But He also resides in the poor, who need material gifts far more than most of us do.  And the Church tells us we are to make a "preferential option for the poor". What exactly that looks like in each person's life will differ, but it doesn't mean forgetting the poor or putting them in last place.
     Don't we all admire those rare folks we hear about who opt not to exchange gifts with each other, but instead use that money to give to the poor? Some also spend Christmas serving at a soup kitchen.
     A variety of reasons, however, might make that not work for other families. There's also certainly a place for showing our loved ones love on that day too. 
     While there's nothing wrong with giving material gifts to our loved ones, still many of us really don't need any more stuff. Our homes are already so stuffed we're running out of places to put it all. 
     Moreover, Mother Teresa of Calcutta noticed that we of the West are spiritually poor. Just about everybody could use some help in his or her spiritual life.
      Here then are ten counter-consumer-culture gift ideas. Some are gifts that help the spirit. Others, by costing less, reserve some funds for the less fortunate while challenging the must-get-the-lastest-gizmo mindset. Some fit both categories.
  1. As I said last week, one can support a monastery or convent by purchasing their goodssuch as Mystic Monk Coffee, Trappist Abbey Bakery desserts, or handmade rosaries & sacrifice beads from the Franciscan Sisters. Also check out what your local religious goods store has available.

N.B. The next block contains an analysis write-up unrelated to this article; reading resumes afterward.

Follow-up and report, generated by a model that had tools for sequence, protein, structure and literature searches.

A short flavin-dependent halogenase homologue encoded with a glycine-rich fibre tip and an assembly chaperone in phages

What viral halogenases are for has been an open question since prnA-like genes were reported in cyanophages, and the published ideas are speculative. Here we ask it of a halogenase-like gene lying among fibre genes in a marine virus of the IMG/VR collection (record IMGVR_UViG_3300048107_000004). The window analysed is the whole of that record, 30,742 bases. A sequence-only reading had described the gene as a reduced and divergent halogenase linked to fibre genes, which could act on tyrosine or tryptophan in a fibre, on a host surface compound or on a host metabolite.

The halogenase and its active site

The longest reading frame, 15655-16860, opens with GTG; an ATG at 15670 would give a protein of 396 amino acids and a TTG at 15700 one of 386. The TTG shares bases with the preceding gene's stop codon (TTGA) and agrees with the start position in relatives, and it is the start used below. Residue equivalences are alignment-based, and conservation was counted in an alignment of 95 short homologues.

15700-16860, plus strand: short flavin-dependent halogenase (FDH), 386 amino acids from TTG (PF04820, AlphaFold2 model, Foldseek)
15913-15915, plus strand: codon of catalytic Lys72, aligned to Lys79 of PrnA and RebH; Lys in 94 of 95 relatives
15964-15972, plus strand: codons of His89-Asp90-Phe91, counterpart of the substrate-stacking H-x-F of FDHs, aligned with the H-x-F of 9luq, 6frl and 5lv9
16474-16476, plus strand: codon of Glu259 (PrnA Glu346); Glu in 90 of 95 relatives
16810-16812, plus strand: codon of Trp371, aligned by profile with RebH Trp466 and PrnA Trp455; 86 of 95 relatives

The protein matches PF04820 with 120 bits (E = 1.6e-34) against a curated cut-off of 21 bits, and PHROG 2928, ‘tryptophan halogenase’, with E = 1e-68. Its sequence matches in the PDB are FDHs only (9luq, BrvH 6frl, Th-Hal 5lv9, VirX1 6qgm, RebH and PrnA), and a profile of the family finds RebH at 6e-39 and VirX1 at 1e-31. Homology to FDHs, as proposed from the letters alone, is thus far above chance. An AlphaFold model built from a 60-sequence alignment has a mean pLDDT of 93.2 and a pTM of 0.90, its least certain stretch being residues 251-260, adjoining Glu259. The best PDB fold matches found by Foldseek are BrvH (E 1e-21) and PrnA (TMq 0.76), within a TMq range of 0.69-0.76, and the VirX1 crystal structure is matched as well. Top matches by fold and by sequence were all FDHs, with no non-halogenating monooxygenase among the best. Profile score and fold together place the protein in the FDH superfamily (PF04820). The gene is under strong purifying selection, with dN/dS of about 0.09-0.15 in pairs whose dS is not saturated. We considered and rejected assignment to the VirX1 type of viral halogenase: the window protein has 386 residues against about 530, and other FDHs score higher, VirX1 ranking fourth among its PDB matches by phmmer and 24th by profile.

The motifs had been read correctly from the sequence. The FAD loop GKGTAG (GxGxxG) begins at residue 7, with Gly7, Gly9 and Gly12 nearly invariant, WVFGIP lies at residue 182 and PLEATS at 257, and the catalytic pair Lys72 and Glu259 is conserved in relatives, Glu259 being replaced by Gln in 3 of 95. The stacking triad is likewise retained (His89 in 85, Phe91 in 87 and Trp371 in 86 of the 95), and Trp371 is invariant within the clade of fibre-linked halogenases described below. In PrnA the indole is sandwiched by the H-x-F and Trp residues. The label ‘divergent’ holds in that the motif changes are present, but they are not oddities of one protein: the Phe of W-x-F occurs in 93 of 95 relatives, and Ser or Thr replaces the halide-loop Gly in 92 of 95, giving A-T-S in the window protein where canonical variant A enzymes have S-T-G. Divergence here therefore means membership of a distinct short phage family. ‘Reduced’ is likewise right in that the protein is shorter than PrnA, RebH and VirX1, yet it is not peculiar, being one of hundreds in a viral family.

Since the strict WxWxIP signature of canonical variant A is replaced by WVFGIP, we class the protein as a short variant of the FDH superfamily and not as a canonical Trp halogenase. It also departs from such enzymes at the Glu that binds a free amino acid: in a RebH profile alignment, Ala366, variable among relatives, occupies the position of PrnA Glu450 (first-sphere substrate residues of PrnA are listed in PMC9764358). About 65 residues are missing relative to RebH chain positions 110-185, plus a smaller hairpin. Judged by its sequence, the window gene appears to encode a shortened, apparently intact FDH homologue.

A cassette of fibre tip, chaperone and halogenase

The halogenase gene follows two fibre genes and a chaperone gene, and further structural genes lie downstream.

2. How about a book from a publisher like Ignatius Press, PaulineSophia, or Catholic Answers? Some of them also carry music, movies, religious artwork, and children's books. You can support wonderful apostolates while giving a terrific gift.
  3. A subscription to Magnificat or Word among Us can really aid a loved one's Mass and prayer times. Or a subscription to Catholic Answers magazine, Catholic Digest, or other magazine can help with living the faith on a daily basis.
  4. Ornament made from old Christmas cards
  5. Homemade gifts seem to have gone the way of the dinosaur, but I'm not sure why. My kids had fun last year making decorative, fun, and/or useful gifts that were all the more meaningful coming from their hands. Our tradition growing up was for the kids to make "bourbon balls" as gifts for our extended family.
  6. Create your own couponsanything from giving a massage, to a home improvement project, to making dinner, to a lunch date, to whatever you can think of.
  7. Spiritual gifts are another beautiful option: pray a holy hour for someone and send them a card (many adoration chapels have pre-printed cards available). Have a Mass said for someone at your parish or by your favorite religious order.  Alone or with others, gather a spiritual "bouquet" of prayers for someone and list them on a card.